Yet God pronounces judgment on them, when they are doing what He wills them to do. Verse 12, “So it will be when the Lord has completed all His work on Mount Zion and on Jerusalem, He will then say, ‘I will punish the fruit of the arrogant heart of the king of Assyria and the pomp of his haughtiness.’” And when they have completed His task, God will turn on them and judge them.
So here you have, side by side, a divine decree and human responsibility. “I’ll punish the fruit of the arrogant heart of the king of Assyria and the pomp of his haughtiness. For he said, ‘By the power of my hand and by my wisdom I did this, for I have understanding; I removed the boundaries of the peoples and plundered their treasures, and I brought down their inhabitants.’”
“Therefore the Lord, the God of hosts, will send a wasting disease among the Assyrian army, under His glory a fire will be kindled like a burning flame. And it will burn and devour his thorns and his briars in a single day.” On the one hand, Assyria is an instrument under the sovereign power of God; on the other hand, Assyria is fully guilty and to be judged for the very acts they did.
Scripture doesn’t say any more; there are no qualifiers, caveats or explanations. Turn to John 3, and Jesus is having a conversation with Nicodemus, who is a leader and a ruler of the Jews, a Pharisee. He’s a teacher, someone who ostensibly knows the Word of God and biblical theology, Old Testament theology; but he’s burdened because he wants to enter the kingdom of God.
So, Jesus speaks to him in John 3:3, and says, “Truly, truly I say to you, unless one is born from above, he can’t see the kingdom of God.” Jesus says to him, “Nicodemus, if you’re going to be regenerated, it has to come down from above. You can’t achieve it.” Because the Jews were trying to work their way into the kingdom, and the message of Jesus is you can’t do it that way.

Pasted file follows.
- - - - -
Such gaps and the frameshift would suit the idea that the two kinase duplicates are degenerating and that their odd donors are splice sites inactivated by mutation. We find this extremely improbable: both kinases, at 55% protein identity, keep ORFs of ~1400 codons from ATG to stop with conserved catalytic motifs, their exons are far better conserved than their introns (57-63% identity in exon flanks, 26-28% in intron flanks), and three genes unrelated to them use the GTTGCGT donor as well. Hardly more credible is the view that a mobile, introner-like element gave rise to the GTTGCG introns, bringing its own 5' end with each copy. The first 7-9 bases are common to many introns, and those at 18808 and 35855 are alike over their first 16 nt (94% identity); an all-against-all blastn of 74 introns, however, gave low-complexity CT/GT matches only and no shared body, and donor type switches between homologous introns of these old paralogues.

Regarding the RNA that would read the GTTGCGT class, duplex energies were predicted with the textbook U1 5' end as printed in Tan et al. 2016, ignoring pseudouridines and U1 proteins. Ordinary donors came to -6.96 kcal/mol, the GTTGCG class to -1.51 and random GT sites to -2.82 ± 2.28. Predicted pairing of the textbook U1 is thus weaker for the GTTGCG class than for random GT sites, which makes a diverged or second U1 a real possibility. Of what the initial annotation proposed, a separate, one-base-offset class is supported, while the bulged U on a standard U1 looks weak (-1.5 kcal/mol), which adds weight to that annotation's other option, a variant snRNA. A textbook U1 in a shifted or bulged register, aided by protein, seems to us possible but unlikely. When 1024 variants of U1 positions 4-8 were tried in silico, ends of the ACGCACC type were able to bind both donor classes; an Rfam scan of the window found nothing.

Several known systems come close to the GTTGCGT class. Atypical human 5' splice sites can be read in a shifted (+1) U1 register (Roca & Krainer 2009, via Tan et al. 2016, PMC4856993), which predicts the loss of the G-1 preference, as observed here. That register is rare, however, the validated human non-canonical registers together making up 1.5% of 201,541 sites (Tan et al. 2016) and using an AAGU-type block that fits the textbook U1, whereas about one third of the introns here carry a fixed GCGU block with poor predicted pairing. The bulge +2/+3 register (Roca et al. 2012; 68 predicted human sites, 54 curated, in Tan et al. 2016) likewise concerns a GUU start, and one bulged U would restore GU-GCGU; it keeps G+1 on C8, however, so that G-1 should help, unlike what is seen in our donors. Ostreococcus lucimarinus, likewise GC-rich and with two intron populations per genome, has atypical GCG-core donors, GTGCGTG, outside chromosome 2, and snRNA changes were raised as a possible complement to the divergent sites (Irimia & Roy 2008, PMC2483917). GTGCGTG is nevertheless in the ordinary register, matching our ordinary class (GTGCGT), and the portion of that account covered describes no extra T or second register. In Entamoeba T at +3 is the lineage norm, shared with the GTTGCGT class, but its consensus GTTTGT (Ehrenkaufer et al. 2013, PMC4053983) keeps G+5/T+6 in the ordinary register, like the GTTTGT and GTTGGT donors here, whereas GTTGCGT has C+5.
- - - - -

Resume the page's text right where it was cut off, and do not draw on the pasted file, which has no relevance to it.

And Nicodemus understands that Jesus is talking in an analogy and says, “How can I enter a second time into my mother’s womb and be born?” He’s talking in a metaphoric language; he gets the picture. Jesus is saying, “You need a new birth. You need to be regenerated from above.” You need a spiritual birth, and that doesn’t come from the flesh. It’s not anything you can do.
Jesus said, “Look, this is a divine work that comes down from above, that constitutes a total regeneration, new life, and you can’t produce it,” because flesh can only produce flesh. “You need a spiritual birth from heaven.” And in verse 8, “The wind blows where it wishes, you hear the sound of it, you don’t know where it comes from, and you don’t know where it’s going.”
Jesus says, “This is a divine miracle from heaven. “This is the work of the Holy Spirit, and the Holy Spirit comes to whom He will when He wills.” And yet look at verse 15, “Whoever believes will in Him will have eternal life.” That sounds like human will. You say, “But how do you harmonize them?” The same way the Bible does. They’re both realities, they both co-exist, without an explanation.
Verse 16, “God so loved the world that He gave His only begotten Son that whoever believes will not perish but have eternal life.” Verse 18: “He who believes in Him is not judged. He who does not believe has been judged already.” Verse 36: “He who believes in the Son has eternal life.” In John 6:35 Jesus says, “I’m the bread of life; he who comes to Me will not hunger, he who believes in Me will never thirst.”